Where this development stands out is that it shows the value of comprehensive design and development. As with Port Grimau the entire project was carried out entirely as a singular, unified, environmentally-centred design process with a wide mix of housing types. By contrast, in New Zealand, the design inputs are limited to subdivision, roads, and services – which come first, and which are all controlled by the town planning process – then, tacked-on, notional, landscaping. There is no architecture as such – the most visible residual outcome of this process, the roads and houses, are in effect also designed by planners because of their control of heights, separation from boundaries and set-backs from streets.
Forty years on and New Ash Green has matured, and looks great. But there are a few glitches. Two motorways built nearby have led to reduced use of the shopping centre and it has clearly suffered. Making this worse, the absentee centre owners have paid no attention to maintenance, and this shows; as well, changes have been made which have damaged the original architecture.

There is a railway nearby, but beyond easy walking distance, and there is a bus service. But neither of these can compete with use of personal vehicles so until something changes, such as the cost of motoring, the commercial viability of the shopping centre will remain marginal.

A second problem, a relatively new one, has been the growth of absentee house owners: the so-called buy-to-let investors have moved in. They also neglect maintenance, and have no interest in what their tenants get up to either.
Both New Ash Green and Port Grimau are managed by residents’ committees, and owners are charged an annual fee to cover the costs of this. There are also controls over such things as colours, alterations and additions. Some residents may resent this, but the results are clear: both developments are, albeit in quite different ways, exceptionally attractive, very well maintained, and liveable environments.

Both these developments clearly share a common design ethic. They demonstrate the value of visionary inputs into high quality, comprehensive, and carefully coordinated design processes which recognise our need for human interactions both with each other and with the wider natural environment, as well as our responses to scale, proportion, texture, colour and form.

Contrast this approach to the housing which results from our fractured, leaderless system which reduces design inputs to the absolute legal minimum and we get exactly what we see all around us: visual tedium, sterility, and endlessly cloned oversized roads lined with equally monotonous one type-fits-all houses – each with a wide driveway and a double garage. Recognition of having appealing spaces around us, and of social diversity, or having a pleasant walk to the shops, schools and other amenities?  – forget it: like it or not there is no choice but to jump into your car and drive across town to do these things, and in so doing you will pass through equally soulless surroundings, and end up at a big box retail outfit set in the middle of a gigantic car park and almost never meet anyone you know.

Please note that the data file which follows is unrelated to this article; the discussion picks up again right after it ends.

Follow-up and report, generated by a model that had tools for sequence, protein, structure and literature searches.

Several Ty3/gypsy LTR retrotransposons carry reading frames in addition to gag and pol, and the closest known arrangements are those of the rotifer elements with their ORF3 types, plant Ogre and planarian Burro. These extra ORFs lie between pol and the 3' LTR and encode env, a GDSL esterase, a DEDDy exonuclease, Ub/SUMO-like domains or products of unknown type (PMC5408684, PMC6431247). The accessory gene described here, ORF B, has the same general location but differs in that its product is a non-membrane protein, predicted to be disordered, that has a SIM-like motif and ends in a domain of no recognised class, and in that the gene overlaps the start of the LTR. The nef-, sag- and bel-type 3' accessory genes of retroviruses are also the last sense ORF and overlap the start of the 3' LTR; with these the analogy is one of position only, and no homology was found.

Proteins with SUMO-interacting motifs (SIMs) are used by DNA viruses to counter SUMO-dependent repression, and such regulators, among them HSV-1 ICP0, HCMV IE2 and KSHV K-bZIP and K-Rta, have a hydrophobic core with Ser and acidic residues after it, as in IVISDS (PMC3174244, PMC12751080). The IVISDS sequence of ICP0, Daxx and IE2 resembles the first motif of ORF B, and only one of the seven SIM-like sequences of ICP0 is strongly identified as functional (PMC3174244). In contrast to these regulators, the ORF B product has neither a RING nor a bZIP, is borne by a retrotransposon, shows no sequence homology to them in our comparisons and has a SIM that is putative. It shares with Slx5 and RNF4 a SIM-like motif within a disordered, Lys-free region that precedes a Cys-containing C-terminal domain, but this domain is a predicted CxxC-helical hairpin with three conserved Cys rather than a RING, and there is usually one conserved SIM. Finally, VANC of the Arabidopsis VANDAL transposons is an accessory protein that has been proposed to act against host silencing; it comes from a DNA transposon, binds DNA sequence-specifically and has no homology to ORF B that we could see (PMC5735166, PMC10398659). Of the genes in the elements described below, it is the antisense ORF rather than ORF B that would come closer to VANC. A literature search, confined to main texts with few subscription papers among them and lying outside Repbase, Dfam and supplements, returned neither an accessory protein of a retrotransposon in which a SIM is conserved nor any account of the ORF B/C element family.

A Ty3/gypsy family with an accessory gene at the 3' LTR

I think there is very clear message behind all this: we can and must do better.

 

PDF: Clifton After T28-C-brochure-( New Zealand, Roger Buck)

Roger Buck can be reached at bucrl@clear.net.nz

CPIT students to design and build innovative, low-energy, affordable homes

  

CPIT is currently completing a scoping exercise to determine the size and shape of CPIT’s entry into the Shac 2011 competition.

A brief has been given to students from CPIT’s School of Architecture to scoop and then present to the CPIT Shac committee.

Current thinking on this project is that two units may be built, one with as many alternative and sustainable options available and the other with more conventional practices so the equivalency can be measured.

Features:

  • One bedroom units that is transportable
  • Can be placed on a section as a second dwelling
  • Is easy to relocate as required
  • Accommodation that meets a range of community needs from emergency housing to a Granny flat.
  • Services can be connected and disconnected without remedial work required
  • As self sufficient as possible within a average budget
  • Use of sustainable materials
  • Has high energy efficiency
  • Has Grey water containment options